War of the Rebellion: Serial 012 Page 0891 Chapter XXIII. BATTLE OF FAIR OAKS, OR SEVEN PINES.

Search Civil War Official Records

battle must be regarded as one of the most severe and brilliant victories of the war.

Very respectfully, your obedient servant,




Assistant Adjutant-General.

Numbers 77. Report of Lieutenant Colonel Louis Thourot,

Fifty-fifth New York Infantry.


GENERAL: At 1.30 o'clock p. m. yesterday this regiment was called out under arms, formed in line of battle, and posted by your order in front of our camp. Some minutes after line was formed General Keyes, passing in front of the regiment, said that he designed it to go and save a battery of artillery placed in the first line, and which the regiments ahead were no longer able to support. General Keyes, in again passing the regiment, spoke a few words, saying that he counted upon the "red caps," when the Fifty-fifth, led by General Naglee, charged bayonets upon the enemy at double-quick in magnificent style, and after having taken the position which had been assigned to it maintained it alone and without any support under so murderous a fire that in a few moments we had about 50 men hors de combat, among whom were 5 officers. Two horses were a wounded, and mine fell dead under me, pierced by three balls. I think I may say that my regiment did almost more than was possible for 400 men to accomplish, that number being all its effective strength. It had saved the battery which had been confined to their care, had held the enemy at bay under a terrific fire for two hours, and even after their ammunition was expended maintained their position for half an hour, waiting for a fresh supply, which they were not able to obtain. It was only when the regiment was relieved by the Tenth Massachusetts that they retreated to their original position in a small wood near the road, in which there were intrenchments, where it was joined by Company I and 20 men of Company H, who had been detached on picket at the time the regiment advanced.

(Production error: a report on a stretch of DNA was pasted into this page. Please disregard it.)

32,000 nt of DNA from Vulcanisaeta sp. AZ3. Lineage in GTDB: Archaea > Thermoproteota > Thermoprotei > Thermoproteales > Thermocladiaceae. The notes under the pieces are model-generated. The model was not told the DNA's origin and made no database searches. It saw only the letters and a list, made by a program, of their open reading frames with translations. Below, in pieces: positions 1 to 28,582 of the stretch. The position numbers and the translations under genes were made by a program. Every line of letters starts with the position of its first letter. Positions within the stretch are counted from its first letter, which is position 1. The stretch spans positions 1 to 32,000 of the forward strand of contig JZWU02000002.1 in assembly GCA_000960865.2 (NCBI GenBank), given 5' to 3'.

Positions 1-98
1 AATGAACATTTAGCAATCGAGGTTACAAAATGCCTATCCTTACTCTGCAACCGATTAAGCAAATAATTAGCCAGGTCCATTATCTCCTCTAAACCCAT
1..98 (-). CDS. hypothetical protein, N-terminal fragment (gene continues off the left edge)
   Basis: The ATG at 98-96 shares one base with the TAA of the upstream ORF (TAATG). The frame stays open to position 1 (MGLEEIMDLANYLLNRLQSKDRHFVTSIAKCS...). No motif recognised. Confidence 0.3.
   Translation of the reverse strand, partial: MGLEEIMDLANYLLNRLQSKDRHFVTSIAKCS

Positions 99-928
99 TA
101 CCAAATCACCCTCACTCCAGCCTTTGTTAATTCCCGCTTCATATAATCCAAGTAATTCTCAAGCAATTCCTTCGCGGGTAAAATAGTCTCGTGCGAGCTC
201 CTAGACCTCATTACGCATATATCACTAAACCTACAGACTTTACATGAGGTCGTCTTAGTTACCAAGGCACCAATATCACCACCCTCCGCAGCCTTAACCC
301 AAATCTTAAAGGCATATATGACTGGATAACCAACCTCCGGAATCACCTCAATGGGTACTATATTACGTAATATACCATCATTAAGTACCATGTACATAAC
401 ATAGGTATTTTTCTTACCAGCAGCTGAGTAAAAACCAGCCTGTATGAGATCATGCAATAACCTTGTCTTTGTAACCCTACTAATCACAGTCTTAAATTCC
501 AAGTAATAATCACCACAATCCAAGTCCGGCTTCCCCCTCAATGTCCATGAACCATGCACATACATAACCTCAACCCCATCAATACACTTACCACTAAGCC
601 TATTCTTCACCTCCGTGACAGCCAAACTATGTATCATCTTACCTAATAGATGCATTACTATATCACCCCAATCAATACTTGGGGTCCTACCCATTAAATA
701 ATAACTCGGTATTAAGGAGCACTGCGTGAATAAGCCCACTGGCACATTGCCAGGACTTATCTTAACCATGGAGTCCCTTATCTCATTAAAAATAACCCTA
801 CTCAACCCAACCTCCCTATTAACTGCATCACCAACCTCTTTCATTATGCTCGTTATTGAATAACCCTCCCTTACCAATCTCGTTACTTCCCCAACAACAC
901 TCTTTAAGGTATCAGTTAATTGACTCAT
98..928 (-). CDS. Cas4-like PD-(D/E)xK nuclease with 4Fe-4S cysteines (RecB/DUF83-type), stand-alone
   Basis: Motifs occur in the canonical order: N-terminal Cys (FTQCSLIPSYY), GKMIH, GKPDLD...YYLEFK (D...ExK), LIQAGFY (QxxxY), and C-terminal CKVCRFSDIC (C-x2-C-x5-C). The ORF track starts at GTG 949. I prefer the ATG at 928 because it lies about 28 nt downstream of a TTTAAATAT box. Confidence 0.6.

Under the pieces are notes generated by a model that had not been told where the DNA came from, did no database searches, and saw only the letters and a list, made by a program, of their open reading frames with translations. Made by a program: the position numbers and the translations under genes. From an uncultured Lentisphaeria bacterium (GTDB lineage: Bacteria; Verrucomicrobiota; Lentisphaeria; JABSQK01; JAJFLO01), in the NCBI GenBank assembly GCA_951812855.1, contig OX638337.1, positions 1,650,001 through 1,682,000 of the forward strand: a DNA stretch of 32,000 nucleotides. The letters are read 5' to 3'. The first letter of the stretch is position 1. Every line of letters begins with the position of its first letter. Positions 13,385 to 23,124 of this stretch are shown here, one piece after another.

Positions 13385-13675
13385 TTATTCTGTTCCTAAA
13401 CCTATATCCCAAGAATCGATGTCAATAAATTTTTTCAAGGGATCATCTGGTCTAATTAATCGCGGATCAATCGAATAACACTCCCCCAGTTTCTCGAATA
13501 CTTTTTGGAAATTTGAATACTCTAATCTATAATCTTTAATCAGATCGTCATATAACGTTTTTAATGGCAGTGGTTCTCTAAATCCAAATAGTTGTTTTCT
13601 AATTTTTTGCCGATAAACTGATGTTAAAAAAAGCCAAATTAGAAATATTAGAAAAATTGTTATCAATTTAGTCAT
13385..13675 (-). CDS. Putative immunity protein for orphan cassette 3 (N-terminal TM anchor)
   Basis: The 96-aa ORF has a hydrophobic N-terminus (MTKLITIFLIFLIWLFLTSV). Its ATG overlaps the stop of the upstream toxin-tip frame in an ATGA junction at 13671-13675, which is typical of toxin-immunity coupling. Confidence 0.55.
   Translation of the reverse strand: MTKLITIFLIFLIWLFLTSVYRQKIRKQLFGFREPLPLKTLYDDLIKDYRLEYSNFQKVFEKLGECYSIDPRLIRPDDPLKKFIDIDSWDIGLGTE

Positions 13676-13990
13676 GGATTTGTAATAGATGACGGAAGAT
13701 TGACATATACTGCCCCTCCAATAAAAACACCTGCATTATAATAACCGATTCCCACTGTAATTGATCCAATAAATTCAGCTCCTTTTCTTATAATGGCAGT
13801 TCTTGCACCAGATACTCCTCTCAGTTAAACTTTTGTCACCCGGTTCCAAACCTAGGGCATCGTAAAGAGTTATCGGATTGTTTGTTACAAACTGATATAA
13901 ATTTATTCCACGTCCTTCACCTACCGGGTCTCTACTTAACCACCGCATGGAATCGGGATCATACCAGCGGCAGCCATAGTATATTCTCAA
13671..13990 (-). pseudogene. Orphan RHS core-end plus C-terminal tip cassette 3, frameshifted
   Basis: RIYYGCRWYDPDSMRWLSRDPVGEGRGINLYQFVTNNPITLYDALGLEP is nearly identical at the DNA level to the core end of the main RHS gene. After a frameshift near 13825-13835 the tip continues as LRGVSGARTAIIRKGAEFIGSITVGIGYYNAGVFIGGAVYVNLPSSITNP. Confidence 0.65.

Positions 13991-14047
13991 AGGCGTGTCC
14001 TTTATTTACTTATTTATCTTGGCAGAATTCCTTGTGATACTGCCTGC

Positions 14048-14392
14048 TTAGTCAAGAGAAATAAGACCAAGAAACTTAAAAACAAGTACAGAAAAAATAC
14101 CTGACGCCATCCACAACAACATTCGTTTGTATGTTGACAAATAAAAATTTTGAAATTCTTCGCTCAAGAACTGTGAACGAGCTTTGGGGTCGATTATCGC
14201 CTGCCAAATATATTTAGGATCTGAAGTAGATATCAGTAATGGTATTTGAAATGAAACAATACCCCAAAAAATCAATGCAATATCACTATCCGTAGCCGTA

An American flag was saved by one of our officers, Lieutenant Philip C. Rogers, of Company G, who while in advance found it outside the abatis. The regiment which lost the flag can recover it by applying to General Peck's headquarters. All our companies suffered severely, especially those on our left, who, notwithstanding their more than proportionate loss, conducted themselves with exemplary bravery. Our loss, as near as can at present be estimated, is about 100 men.*

I must conclude by saying that I think I have just cause to be proud of the conduct of my regiment in this hotly-contested affair, and hope that you will take due notice of the gallant conduct of the regiment.

I remain, general, very respectfully,


Lieutenant Colonel, Commanding Fifty-Fifth Regiment N. Y. S. Vols.

Brigadier-General PECK.


*See p. 761.